€38.95 from The Corkscrew

An incredible, amazing nose of smoky complexity. Outstanding stuff, deep, intense, multi-layered, meaty, taut and with tingling acidity. An outstanding heavy-hitter, made predominantly from Alicante Bouschet with a small percentage of Trincadeira

 

Château de Pierreux Brouilly Réserve 2007
€24.95 from The Corkscrew

A Beaujolais no doubt! I’m usually wary of the region, which I’m aware is a sweeping generalisation, but good examples for me tend to be few and far between, diamonds in the rough. This is one such wine, though; smooth and delicious with some gentle spice , noticeable tannin and a lip-smacking finish.

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A Murder of Crozes

I had intended this to be a sort of addendum to my last post about the Ely Big Rhône Tasting, but figured it would be long enough for its own post. Also I really needed to finish the last one in a hurry.

One of the tables at the event belonged to Nomad Wine Importers, Burgundian wine distributor of note, run by Frenchman Charles Derain. But don’t go Googling just yet, for Nomad dodoesn’t’t have a website, it’s not on Facebook, nor does it dabble in Twitter – nada – so the only contact seems to be via direct email to Charles. A pretty old-school way of doing things in the 21st century.

One of the few pictures available online of Charles Derain!

I first briefly met Charles at the Ely Big Tasting back in October where, apart from a few delicious wines, I was taken by his very Gallic, effusive nature. His passion was undoubtable, as it should be, but he had a refreshingly cheeky chappy demeanour laced with pithy, often audacious throwaway comments, all punctuated with that nonchalant shrug that seems to be the birthright of every Frenchman. He was great craic.

Charles was Head Sommelier in Restaurant Patrick Guilbaud for over 6 years and produces the critically-acclaimed Les Deux Cols Côtes du Rhône with wine polymath extraordinaire Simon Tyrrell, so to say he knows what he’s doing is an understatement. You can read a really good Q&A with Charles and Simon on Julie Dupouy’s new blog.

Anyway. What was most notable about the Nomad table, apart from Charles’s vivacious energy, was that he was holding a mini vertical and horizontal tasting combined (a vertical is when different vintages of the same wine are tasted, a horizontal is when different producers’ wines from the same vintage are tasted).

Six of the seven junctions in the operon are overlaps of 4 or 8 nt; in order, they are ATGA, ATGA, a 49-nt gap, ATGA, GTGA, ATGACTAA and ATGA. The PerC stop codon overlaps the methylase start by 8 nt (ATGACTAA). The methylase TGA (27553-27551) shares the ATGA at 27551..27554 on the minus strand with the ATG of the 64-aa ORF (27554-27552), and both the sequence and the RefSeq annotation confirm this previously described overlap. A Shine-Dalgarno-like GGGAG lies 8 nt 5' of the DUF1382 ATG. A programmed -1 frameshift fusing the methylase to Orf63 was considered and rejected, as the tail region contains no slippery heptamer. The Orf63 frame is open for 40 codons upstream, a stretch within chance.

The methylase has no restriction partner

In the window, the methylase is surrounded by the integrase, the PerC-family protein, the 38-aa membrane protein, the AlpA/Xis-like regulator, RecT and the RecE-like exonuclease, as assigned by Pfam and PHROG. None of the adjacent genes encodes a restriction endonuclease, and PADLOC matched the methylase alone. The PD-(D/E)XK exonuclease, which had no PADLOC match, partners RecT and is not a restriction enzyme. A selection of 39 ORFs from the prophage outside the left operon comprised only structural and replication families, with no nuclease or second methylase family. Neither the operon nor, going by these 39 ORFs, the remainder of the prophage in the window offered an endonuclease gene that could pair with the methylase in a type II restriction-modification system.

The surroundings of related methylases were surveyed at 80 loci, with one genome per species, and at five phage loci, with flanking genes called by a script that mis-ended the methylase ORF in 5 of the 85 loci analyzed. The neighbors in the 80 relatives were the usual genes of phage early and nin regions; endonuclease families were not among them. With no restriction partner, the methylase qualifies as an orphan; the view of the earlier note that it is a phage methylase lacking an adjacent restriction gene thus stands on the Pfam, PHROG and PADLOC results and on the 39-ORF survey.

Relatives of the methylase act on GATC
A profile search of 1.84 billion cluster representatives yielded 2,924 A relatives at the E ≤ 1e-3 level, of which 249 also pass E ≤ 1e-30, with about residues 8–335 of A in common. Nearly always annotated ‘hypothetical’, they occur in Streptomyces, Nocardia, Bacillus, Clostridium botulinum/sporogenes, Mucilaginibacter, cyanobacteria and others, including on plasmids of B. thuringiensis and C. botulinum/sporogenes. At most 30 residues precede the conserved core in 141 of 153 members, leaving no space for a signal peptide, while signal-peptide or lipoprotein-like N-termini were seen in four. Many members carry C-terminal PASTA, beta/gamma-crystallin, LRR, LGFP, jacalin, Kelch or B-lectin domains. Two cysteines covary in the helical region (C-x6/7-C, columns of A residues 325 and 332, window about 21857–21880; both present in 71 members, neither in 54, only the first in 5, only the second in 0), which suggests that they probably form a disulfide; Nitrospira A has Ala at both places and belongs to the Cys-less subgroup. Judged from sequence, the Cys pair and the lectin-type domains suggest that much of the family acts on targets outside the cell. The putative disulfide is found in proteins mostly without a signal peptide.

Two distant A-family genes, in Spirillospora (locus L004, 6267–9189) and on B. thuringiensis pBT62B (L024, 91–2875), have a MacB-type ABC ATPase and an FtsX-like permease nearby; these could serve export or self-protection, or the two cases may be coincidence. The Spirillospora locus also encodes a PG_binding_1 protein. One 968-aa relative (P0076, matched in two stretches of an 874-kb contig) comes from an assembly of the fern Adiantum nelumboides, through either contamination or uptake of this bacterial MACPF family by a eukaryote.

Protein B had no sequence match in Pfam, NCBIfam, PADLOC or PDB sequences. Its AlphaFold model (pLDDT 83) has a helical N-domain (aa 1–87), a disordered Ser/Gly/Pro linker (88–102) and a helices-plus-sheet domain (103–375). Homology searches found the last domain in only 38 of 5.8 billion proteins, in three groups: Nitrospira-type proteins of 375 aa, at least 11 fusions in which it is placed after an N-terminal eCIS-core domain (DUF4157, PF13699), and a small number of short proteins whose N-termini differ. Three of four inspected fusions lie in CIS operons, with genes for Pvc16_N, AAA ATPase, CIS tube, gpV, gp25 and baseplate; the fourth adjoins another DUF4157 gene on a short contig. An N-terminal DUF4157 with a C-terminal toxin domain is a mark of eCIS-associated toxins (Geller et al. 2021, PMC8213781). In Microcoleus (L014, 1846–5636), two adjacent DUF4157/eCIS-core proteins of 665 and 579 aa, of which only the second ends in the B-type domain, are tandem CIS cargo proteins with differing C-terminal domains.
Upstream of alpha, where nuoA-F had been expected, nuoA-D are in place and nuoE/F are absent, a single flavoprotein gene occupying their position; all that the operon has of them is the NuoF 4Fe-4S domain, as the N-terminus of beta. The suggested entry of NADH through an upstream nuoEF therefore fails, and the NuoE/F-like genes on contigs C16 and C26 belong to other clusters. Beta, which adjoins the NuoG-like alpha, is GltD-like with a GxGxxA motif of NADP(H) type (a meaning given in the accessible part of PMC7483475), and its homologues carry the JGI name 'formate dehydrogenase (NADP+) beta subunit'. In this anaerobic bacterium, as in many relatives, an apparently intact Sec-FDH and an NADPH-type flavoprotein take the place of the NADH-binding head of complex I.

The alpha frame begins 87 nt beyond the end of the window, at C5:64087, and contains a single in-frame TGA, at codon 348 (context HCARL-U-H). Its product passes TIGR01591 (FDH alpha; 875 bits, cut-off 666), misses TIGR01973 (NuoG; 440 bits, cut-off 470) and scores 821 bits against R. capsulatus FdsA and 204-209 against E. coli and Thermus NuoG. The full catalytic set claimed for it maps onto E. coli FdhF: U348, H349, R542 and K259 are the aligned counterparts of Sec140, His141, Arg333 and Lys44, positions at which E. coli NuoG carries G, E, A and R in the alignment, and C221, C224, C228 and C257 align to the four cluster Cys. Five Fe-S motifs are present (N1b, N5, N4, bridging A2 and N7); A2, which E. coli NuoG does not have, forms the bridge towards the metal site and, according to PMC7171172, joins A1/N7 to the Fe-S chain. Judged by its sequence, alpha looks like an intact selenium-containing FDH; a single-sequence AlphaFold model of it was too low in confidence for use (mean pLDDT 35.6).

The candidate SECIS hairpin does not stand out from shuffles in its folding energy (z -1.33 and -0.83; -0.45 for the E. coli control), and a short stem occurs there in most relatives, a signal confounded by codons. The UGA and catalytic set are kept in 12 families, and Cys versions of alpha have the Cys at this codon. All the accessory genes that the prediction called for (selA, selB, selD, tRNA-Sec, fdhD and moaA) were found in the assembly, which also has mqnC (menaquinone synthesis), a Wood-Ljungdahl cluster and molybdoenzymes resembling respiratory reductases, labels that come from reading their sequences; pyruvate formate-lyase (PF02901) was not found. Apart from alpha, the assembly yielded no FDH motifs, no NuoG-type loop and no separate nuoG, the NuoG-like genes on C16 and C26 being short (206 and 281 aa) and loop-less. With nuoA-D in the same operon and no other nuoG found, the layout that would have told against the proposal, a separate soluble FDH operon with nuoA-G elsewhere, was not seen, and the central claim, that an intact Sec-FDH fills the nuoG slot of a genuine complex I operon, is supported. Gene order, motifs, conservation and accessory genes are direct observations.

So what we had on the night was two vintages each of two wines, both Crozes-Hermitage: Domaine Maxime Graillot’s ‘Domaine des Lises’, and Domaine Alain Graillot’s regular Crozes-Hermitage. The eagle-eyed will have spotted the similarity of the names, and they’d be right, for Maxime Graillot is son of Alain Graillot, the latter being a big deal in Crozes-Hermitage since he set up shop there in 1985.

Maxime and Alaine Graillot (Photo: vigneronsdexception.com)

 

Maxime Graillot Domaine des Lises Crozes-Hermitage 2012
€28.00 in good wine shops

The 2012 vintage of this wine was the first in our glass, and wow was it good. Beautifully perfumed, intense but elegant, savoury gilled meat and graphite, a subtle and reserved, quite dry palate with really lovely tannin at the end. What a fantastic start – I was salivating at the thought of how the tasting would progress from here.

 

Domaine Alain Graillot Crozes-Hermitage 2012
€29.50 from Mitchell & Son, Terroirs and Vanilla Grape

This was quite … characterful. I have three adjectives related to its acidity written on my notes: the first is “very vivid”, later it’s “electric”, before finally relenting to “aggressive”. Don’t get me wrong, this was not a bad or unbalanced wine in the slightest, but it certainly had plenty of … well, character, for want of a better word.